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Air Conditioning Repairs That Might Be Necessary When Your Air Handler Has a Drainage Problem

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When it's hot and humid in the summer, your air conditioner does double duty. It removes both heat and humidity from your home so you stay cool and comfortable. The humidity is removed through the process of condensation on the evaporator coils. The condensation has to go somewhere or it will damage your floor or air handler.

That's why your air handler has a condensation drain system. Here's how condensation drainage works, what happens if it malfunctions, and how an air conditioning repair technician can get the condensation to drain again.

How Condensation Is Drained from the Air Handler

When condensation drips off of the evaporator coil, it lands in the condensation pan that rests under the coil. A drain is hooked up to the pan so water can flow in it and out the other side, which is usually outdoors, but it can also empty in a floor drain. The pan may have a float switch in it and a pump.

When the water gets full, the float switch triggers the pump to turn on. Some systems don't have a pump and they drain by gravity alone. The float switch can also trigger your air conditioner to shut down. This happens so the pan doesn't keep filling with water that flows on the floor.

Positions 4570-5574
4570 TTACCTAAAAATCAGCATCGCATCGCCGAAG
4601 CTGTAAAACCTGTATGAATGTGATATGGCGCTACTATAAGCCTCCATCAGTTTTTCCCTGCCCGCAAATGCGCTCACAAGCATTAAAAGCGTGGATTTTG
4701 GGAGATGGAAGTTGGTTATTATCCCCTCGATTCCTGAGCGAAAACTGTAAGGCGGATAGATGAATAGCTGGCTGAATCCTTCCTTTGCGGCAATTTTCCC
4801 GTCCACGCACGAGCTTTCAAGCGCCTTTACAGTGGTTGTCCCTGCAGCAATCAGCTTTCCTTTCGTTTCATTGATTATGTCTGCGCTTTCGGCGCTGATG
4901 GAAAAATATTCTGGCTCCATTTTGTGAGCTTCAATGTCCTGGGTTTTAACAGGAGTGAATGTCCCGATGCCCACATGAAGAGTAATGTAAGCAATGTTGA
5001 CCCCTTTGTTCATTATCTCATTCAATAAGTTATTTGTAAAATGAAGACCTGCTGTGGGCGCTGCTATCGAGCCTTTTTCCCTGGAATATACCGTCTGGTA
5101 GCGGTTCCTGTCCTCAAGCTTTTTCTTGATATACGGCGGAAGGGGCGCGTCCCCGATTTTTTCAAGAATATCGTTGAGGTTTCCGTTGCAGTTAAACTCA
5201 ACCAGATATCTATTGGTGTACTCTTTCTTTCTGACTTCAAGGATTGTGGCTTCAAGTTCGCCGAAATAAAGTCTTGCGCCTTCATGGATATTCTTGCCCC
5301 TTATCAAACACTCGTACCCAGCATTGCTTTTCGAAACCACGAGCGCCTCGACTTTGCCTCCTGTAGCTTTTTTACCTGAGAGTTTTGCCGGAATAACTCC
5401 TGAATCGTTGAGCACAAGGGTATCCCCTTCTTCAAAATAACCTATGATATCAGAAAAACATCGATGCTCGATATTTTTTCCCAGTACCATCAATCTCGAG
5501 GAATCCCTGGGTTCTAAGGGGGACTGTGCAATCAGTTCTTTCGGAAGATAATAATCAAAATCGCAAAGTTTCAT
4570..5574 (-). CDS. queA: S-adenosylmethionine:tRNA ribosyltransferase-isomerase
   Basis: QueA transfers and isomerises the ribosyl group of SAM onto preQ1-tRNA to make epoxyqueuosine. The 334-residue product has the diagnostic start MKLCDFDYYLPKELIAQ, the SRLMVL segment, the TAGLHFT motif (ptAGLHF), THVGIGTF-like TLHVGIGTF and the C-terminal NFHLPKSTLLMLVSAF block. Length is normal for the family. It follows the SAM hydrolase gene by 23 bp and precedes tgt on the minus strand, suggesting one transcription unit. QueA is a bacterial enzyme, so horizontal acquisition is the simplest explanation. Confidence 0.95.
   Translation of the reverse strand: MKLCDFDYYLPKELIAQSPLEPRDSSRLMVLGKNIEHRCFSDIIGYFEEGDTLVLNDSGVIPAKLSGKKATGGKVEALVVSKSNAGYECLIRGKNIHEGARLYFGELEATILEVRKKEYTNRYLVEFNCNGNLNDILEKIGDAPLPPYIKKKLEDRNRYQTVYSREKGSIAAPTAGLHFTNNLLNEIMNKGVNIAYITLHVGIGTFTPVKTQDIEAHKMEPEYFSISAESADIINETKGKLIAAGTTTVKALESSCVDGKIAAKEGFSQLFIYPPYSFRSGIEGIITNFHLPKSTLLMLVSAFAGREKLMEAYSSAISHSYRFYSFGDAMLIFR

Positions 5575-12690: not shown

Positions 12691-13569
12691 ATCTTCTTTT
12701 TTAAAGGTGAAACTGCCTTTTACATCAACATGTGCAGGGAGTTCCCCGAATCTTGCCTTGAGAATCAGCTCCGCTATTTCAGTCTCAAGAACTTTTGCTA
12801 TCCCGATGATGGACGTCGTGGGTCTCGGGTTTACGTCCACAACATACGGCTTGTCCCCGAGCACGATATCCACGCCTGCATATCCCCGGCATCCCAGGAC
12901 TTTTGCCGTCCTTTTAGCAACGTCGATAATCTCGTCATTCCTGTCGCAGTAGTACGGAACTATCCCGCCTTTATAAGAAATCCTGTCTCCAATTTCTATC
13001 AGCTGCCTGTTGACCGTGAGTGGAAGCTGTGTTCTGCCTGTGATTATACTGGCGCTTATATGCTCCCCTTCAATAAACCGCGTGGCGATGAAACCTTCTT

When to Suspect a Problem with the Drain System

If your AC has shut down, and you can't figure out why, check the air handler to see if the condensation pan is full, as that could be the cause. Also, if you don't have a safety switch that turns your AC off, water might spill all over your floor. This can cause a musty odor in your home and even cause your floor to rot if the problem goes on long enough.

How an Air Conditioning Repair Technician Helps

A condensation pan overflows when the drain gets clogged with dust, algae, or other debris. Fixing the problem might be a matter of cleaning out the drain so the pan can empty. Another problem could be with the float switch. If it's bad, the air conditioning repair technician may have to replace it.

The repair technician will check the pan, drain, float switch, and pump if you have one to find the source of the problem. The float, drain, and pump can be replaced if necessary. However, the drain pan is often built as part of the evaporator coil system and it may not come out. So, if the pan develops a leak, the repair technician may need to patch it or figure out a solution so you don't have to replace the entire evaporator coil, which would be a costly repair.